RSS Feed

My Sojourn To Ethiopia – Day 5


It is nearly ten days ago that I experienced the 15th of June, 2011, in Ethiopia.

Eva Merriam’s quote somehow comes to my mind as I sit down to write about my 5th day in Ethiopia: “I dream of giving birth to a child who will ask, ‘Mother, what was war?’”


Today, as I open the tv at noon, I again see 2 incidents of bombing in the last 24 hours in Pakistan, one at Multan and the other at Dera Ismail Khan.

Simultaneously, reading a story in the Human Rights Watch page on the internet, these are some of the statements I am seeing: Ethiopia is the largest recipient of western development assistance in Africa. Ethiopia is a de facto one-party state masquerading as a democracy. It’s a country where half of the population lives below the poverty line and many are dependent on food aid. (http://www.hrw.org/en/news/2010/11/23/ethiopia-aid-politics-trap)

Yet, Ethiopia, in many ways, is a success story in how it is battling its poverty and inherent problems. As I begin writing this blog for Day 5, I consciously nurture a hope inside me: One day, and that day is not far, when my Pakistan gets a break from all this chaos, there shall be a new dawn. Often out of chaos comes order. I wait for that to happen. I wait for my Pakistan to be a success story too. InshaAllah.

15th June:

Early in the morning, frantic knocks on the door by Kounila wake me up. I am hoping it’s a dream. But it’s not!! She is my wake-up call, at the marching orders of our leader for the day, Brenda, to wake up all the sleepy heads. I look at the time and decide I have about 7 more minutes I can stay huddled in the 4 blanket-layer that saved me from hypothermia on that cold night in Fiche.

A hurried get-ready session is fun, but I am missing my lazy-paced mornings back home in Karachi. Being a freelancer allows me these relaxations. In Karachi, my mornings will begin late, with my first cup of tea, and the second cup of tea and breakfast will follow much later, interspersed with flicking between tv channels and Facebooking, before I finally get down to writing.

After breakfast, we head off to the lodge where our other team members are staying. It is raining again. We are all humming along, enjoying the weather and the pristine landscape of Fiche.

The lodge, once we reach there, has a spectacular view. We overlook a gorge. A bit of downhill trekking on perilously muddy and slippery paths, and we see an old stone bridge (near the monastery of Debra Libanos), at the head of a gorge that cleaves its way through the plateau towards the distant Abai (Blue Nile) river. It is also called the “Portugese Bridge” and many believe it was built as early as the 16th century. The bridge is an impressive testimony to the masonry skills of that time.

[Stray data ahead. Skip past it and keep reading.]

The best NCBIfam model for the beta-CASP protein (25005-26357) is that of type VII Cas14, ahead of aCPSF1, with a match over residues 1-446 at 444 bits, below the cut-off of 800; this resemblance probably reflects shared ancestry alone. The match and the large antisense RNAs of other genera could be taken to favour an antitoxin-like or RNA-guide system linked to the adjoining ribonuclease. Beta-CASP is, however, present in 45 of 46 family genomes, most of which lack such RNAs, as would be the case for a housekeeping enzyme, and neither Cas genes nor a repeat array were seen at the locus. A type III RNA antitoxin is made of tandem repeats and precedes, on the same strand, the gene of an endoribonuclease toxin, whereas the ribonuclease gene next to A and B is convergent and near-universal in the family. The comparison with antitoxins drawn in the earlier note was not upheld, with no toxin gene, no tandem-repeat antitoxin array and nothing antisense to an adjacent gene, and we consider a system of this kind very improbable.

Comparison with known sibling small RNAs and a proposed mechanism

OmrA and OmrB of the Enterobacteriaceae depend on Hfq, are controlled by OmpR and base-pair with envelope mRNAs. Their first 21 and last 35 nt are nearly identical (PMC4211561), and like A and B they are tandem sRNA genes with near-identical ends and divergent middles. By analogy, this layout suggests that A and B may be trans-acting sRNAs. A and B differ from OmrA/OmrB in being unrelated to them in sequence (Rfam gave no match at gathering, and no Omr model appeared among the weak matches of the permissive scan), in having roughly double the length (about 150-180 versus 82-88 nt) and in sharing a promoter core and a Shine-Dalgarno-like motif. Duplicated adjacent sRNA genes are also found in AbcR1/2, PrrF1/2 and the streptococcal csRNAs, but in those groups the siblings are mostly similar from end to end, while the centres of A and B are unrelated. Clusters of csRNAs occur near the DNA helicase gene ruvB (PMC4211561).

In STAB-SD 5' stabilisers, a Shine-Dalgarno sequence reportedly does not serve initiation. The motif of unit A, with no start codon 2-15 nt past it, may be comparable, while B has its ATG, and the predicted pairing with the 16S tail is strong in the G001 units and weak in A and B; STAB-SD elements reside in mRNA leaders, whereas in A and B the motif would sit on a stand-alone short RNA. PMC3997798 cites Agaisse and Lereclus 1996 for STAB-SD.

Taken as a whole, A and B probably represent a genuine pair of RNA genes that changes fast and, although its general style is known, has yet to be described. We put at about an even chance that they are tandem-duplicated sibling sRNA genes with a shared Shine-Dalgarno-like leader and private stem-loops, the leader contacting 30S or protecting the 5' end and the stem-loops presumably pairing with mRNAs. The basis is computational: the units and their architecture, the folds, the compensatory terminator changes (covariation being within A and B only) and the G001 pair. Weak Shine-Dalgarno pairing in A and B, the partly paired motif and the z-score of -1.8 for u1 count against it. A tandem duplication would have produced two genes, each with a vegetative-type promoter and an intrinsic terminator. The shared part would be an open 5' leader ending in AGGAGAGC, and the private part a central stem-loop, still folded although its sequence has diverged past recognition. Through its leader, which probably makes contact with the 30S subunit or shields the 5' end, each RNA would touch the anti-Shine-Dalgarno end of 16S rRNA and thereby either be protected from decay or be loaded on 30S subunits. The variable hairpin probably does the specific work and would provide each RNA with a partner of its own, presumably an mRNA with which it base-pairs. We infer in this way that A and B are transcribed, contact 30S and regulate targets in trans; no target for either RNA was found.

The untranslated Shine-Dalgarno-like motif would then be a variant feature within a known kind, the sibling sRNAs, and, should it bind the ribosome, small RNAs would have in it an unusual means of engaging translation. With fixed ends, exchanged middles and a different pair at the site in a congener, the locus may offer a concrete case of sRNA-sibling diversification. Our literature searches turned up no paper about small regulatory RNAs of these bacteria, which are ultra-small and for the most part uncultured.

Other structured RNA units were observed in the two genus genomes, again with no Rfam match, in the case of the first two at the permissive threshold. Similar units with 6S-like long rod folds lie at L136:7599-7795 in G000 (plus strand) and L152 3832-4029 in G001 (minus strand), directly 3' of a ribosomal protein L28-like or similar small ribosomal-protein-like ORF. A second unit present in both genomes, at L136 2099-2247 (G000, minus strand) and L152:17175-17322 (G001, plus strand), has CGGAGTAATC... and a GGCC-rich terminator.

Those moments we spent near that bridge seemed to stand still in time. 
Beautiful silence. A treat for city-dwellers like me, who often do not have time to listen to even their own thoughts. Whose lives are a cacophony of sounds, sounds and more sounds. Amidst untouched nature, it was a detox moment for all of us.

We head back to Addis Ababa, and reach there in time that allows us half an hour before the next conference session begins. I swiftly inform my family via Skype that I am alive and kicking, as we had no way of staying in touch while we were in Fiche.

Me and Shai head for the dining area and excitedly order a “Green Thai Curry with Tofu and Steamed Rice”. They get us chicken instead, which I cannot eat! Shai also sacrifices eating the chicken for me. We both head for the conference. Tired, hungry, grouchy and crabby, me and Shai feel better after Charlotte graciously arranges that the mid-conference tea and snack break be pre-poned. After a couple of cups of tea and delicious little croissants and tuna sandwiches, our brains start to work again.

The session is very interesting: “Numbers in the Newsroom”. Debbie is the ace mathematician who is totally into it, and is having obvious fun giving us small math quizzes and tests, that help us practice how we can use data and statistics in a more audience-friendly way in our reports and features. That session taught us a whole lot.

I have announced to my friends that I am not going to any market or shopping. I need some “Me-Time” (which, I confess, is second to oxygen to me). Once I am more in my senses, me and Shai head to the restaurant and hungrily devour and finish a huge vegi pizza between the two of us, and head back to my room’s balcony for cup upon cup of tea in all varieties – Addis tea, flavoured tea, Pakistani Tapal tea. We discuss the varying yet similar dynamics of India and Pakistan – in our media, art, culture, family values, social norms, social taboos. We now know each other’s kids by heart. She narrates anecdotes of Bollywood happenings. I tell her all about how Pakistani women are improvising the shalwar kameez these days. We give each other lists of stuff I need from India and she needs from Pakistan.

Friendship – one of the greatest joys in life. No two ways about it. 
Advertisements

About FarahnazZahidi

Journalist, writer, blogger & activist. Currently working for The Express Tribune. Focus on human rights, health, gender, peace & Islam. Idealist. Wannabe photographer. Chaai, traveling, reading, friends and motherhood.

One response »

  1. Lovely Farah. Keep writing

    Reply

Leave a Reply

Fill in your details below or click an icon to log in:

WordPress.com Logo

You are commenting using your WordPress.com account. Log Out / Change )

Twitter picture

You are commenting using your Twitter account. Log Out / Change )

Facebook photo

You are commenting using your Facebook account. Log Out / Change )

Google+ photo

You are commenting using your Google+ account. Log Out / Change )

Connecting to %s

%d bloggers like this: